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History of Hymns: "O Day of God, Draw Nigh"

“O Day of God, Draw Nigh”
R.B.Y. Scott
UM Hymnal, No. 730

C. Michael Hawn

O day of God, draw nigh
In beauty and in power;
Come with thy timeless judgment now
To match our present hour.

Robert Balgarnie Young Scott (1899-1987) was a native of Toronto, Ontario, Canada. He was a minister of the United Church of Canada, serving congregations in Ontario. During World War II, he served as a chaplain in the Royal Canadian Air Force.

Scott’s major contribution was in the field of Old Testament scholarship. He held positions in Canadian institutions including Union College in Vancouver and United Theological College at McGill University, Montreal. In 1955 he was appointed Danforth Professor of Religion at Princeton University; he later served two years as chairman of Princeton’s department of religion, before retiring in 1968.

A leader in social reform, Scott served as president of the Fellowship for a Christian Social Order. He wrote hymns for this group while he held this post, and in 1927 edited Toward the Christian Revolution with Gregory Vlastos. The Relevance of the Prophets (1945) is his best-known work.

“O Day of God, Draw Nigh” was written in 1937 for the Fellowship and published in Hymns for Worship (1939). The Rev. Carlton Young, editor of the UM Hymnal, notes, “In each stanza the poet succinctly expresses one aspect of the Day of the Lord: judgment, obedience, justice, peace and light.”

The Old Testament background of the poet is evident in this hymn. The theme of “The Day of the Lord” may be found throughout the Scriptures. For example, Isaiah 13:6: “Wail, for the day of the LORD is at hand! It will come as destruction from the Almighty.” Joel 2:1: “Blow the trumpet in Zion, and sound an alarm in My holy mountain! Let all the inhabitants of the land tremble; for the day of the LORD is coming, for it is at hand. . . .”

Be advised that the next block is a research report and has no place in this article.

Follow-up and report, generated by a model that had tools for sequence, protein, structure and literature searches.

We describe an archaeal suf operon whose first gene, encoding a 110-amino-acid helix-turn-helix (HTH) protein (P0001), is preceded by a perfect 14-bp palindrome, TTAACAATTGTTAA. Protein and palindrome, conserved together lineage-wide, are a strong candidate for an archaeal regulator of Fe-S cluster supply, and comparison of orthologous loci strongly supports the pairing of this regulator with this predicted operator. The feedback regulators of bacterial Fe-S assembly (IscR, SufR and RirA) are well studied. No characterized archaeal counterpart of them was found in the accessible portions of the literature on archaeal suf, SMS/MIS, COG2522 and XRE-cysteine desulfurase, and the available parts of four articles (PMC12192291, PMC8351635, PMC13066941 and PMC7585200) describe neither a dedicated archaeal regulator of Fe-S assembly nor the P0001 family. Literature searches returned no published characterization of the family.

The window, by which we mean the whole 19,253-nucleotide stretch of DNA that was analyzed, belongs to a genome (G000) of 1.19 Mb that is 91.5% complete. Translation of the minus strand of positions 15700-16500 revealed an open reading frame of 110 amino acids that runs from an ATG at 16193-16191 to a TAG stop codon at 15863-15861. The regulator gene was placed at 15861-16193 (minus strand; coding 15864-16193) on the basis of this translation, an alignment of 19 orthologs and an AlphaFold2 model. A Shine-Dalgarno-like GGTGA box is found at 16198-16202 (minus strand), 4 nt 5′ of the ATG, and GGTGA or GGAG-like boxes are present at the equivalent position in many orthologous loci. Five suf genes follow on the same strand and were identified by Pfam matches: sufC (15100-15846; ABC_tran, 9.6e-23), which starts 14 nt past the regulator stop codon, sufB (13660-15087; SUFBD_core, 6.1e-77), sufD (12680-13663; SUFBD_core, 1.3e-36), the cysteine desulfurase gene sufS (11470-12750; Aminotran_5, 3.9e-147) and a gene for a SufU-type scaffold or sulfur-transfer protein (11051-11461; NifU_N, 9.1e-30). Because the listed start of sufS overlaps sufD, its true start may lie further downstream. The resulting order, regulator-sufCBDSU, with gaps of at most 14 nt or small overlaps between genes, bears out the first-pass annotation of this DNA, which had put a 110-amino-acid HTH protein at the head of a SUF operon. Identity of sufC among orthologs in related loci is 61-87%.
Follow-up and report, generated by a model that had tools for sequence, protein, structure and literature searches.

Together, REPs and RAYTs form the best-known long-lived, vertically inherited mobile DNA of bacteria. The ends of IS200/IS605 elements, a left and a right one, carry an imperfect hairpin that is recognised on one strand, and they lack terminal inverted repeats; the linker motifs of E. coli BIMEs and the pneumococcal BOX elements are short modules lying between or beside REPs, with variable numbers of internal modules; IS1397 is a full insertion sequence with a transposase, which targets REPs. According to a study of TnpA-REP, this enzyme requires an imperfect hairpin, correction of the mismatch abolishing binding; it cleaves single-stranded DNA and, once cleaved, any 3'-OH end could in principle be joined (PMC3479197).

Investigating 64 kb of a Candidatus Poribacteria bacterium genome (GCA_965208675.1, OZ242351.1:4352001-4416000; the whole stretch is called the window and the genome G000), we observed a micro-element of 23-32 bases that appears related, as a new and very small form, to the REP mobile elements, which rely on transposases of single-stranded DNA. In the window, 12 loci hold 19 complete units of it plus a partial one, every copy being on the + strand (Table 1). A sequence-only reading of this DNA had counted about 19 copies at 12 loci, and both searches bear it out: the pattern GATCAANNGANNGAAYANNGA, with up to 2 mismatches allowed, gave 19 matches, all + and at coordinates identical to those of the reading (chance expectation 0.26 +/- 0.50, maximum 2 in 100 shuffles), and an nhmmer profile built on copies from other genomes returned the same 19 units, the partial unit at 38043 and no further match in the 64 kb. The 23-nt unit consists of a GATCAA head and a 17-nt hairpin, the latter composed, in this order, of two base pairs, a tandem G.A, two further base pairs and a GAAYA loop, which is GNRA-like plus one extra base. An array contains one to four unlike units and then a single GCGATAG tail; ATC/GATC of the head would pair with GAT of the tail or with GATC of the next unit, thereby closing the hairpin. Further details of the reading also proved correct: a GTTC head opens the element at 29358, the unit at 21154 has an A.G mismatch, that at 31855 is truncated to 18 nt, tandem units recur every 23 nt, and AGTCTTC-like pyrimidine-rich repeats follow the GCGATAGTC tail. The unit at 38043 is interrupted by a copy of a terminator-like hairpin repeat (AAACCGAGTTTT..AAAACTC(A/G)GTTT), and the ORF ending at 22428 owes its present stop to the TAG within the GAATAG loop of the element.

Amos 8:9 begins a longer passage describing in depth the nature of the day of judgment: “‘And it shall come to pass in that day,’ says the Lord GOD, ‘that I will make the sun go down at noon, and I will darken the earth in broad daylight. . . .’”

Zephaniah 1:14-18 captures the tone of judgment and provides the scriptural grounding of this hymn: “The great day of the LORD is near; it is near and hastens quickly. The noise of the day of the LORD is bitter; there the mighty men shall cry out. That day is a day of wrath, a day of trouble and distress, a day of devastation and desolation, a day of darkness and gloominess, a day of clouds and thick darkness, a day of trumpet and alarm against the fortified cities and against the high towers.”

In the spirit of the Old Testament prophets, the poet offers a call to justice. Stanza one invokes God to “come with thy timeless judgment. . . .” The imperative language continues in the next three stanzas: “Bring to our troubled minds . . . calm of a call obeyed” (stanza two); “Bring justice to our land” (stanza three); and “Bring to our world of strife [a] word of peace. . . .” (stanza four). The final stanza begins as the first, but concludes with the petition to “set judgments on the earth.”

A hymn such as this requires a clear liturgical context. One doesn’t glibly turn to this hymn without a sermonic framework that clarifies the background of the text and the urgency to respond. This is not a soothing hymn, but a song that calls us to radical justice, the basis of true hope and freedom.

Dr. Hawn is professor of sacred music at Perkins School of Theology, SMU.